The Portrait of a Lady

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10 Things I Love About Henry James's The Portrait Of A Lady

1. Isabel Archer
The "lady" in the title. Beautiful, young, headstrong and spirited, the American woman visits her wealthy relatives in England, rejects marriage proposals by two worthy suitors, inherits a fortune and then is manipulated into marrying one of the most odious creatures on the planet, Gilbert Osmond. She's utterly fascinating, and if I were back in university, I imagine having long conversations and arguments about her character. What does she want: Freedom The ability to choose, even if it's a bad choice Is she a projection of James's latent homosexuality Is she a feminist or not There are no simple answers.

2. The Prose and Psychological Complexity
Damn, James knew how to write long, luxuriant sentences that dig deep into his characters' minds. Sometimes the effect can be claustrophobic - get me out of this person's head! - but more often it's utterly compelling and convincing. We partly read fiction to learn about other people's lives, right Well, James does that. (The exceptions: Isabel's two wealthy, handsome suitors, Warburton and Goodwood, are less than believable, and remind me of eager (or horny) dogs, their tails wagging whenever they're around their love/lust object.)

3. The Story
Okay, not much really happens. But as the book progressed, even though I sort of knew the outcome (it's hard to avoid spoilers from a 135-year-old classic), I was increasingly curious to see how Isabel would act. In fact, I raced through the final chapters, breathlessly. Who knew: Henry James, page-turner! And have a theory about that ending Take your turn...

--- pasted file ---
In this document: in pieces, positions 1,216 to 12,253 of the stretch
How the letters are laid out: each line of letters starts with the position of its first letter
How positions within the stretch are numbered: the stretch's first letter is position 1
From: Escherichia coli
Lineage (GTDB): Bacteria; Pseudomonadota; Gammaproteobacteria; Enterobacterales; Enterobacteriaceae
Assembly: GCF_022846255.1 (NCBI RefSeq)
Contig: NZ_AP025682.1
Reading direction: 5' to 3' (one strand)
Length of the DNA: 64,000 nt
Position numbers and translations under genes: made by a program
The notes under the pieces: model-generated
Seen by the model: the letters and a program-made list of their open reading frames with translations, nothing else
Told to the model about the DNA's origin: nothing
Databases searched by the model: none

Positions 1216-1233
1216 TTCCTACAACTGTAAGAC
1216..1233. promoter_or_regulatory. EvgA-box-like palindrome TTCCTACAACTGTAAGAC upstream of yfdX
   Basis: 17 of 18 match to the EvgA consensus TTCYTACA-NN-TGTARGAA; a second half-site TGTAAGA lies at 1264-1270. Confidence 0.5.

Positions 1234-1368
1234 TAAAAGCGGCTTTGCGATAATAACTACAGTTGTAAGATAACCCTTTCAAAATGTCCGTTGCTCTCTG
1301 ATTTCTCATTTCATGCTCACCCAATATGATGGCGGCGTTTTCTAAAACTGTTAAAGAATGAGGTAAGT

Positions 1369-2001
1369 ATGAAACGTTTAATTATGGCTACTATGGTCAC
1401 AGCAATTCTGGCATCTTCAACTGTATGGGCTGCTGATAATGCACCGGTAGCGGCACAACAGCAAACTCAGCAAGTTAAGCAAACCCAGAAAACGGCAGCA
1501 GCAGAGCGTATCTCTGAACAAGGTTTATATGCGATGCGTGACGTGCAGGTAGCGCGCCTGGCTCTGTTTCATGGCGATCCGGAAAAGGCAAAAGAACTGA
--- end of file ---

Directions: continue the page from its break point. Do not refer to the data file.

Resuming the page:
4. The Humour
It's not a comedy, but there are lots of amusing bits. James's narrator is genial and funny. Henrietta Stackpole, her gentleman friend, Mr. Bantling, and even Gilbert Osmond's sister, the Countess Gemini, are all very colourful characters who elicit a chuckle or two. And Isabel's aunt can be terribly cutting as well. I love Ralph (Isabel's cousin) and the dignified British Lord Warburton's reactions to the enterprising, no-fuss American "lady journalist" Henrietta.

5. The Settings
Each one is significant: from the stately Gardencourt, home of Isabel's relatives the Touchetts, to the bustle and anonymity of London, to the ruins of Rome, where Isabel finds herself stuck in a dead, fossilized marriage. James is a master at finding the right place to stage a scene. I could write an essay about interiors and exteriors in the book, but I'll spare you.

6. The Villains
Madame Merle and Gilbert Osmond: individually they're sinister, but together they're positively Machiavellian. In fact, in one scene, it's revealed that they both like Machiavelli, and Isabel doesn't get the clue! They totally play her. And yet they're believable, too. Osmond's scene in which he professes his love is brilliant in its manipulation; and the final turn of the screw (asking her to do him a favour!) is very clever. Madame Merle's motivations always keep you guessing. Does she see herself in Isabel Is she jealous Does she just want to exert her power over her The scene in which Isabel sees both in her home, conspiring (evident from their attitudes) is so powerful James refers to it a couple of times. And of course, it's missing from the Jane Campion film (see below).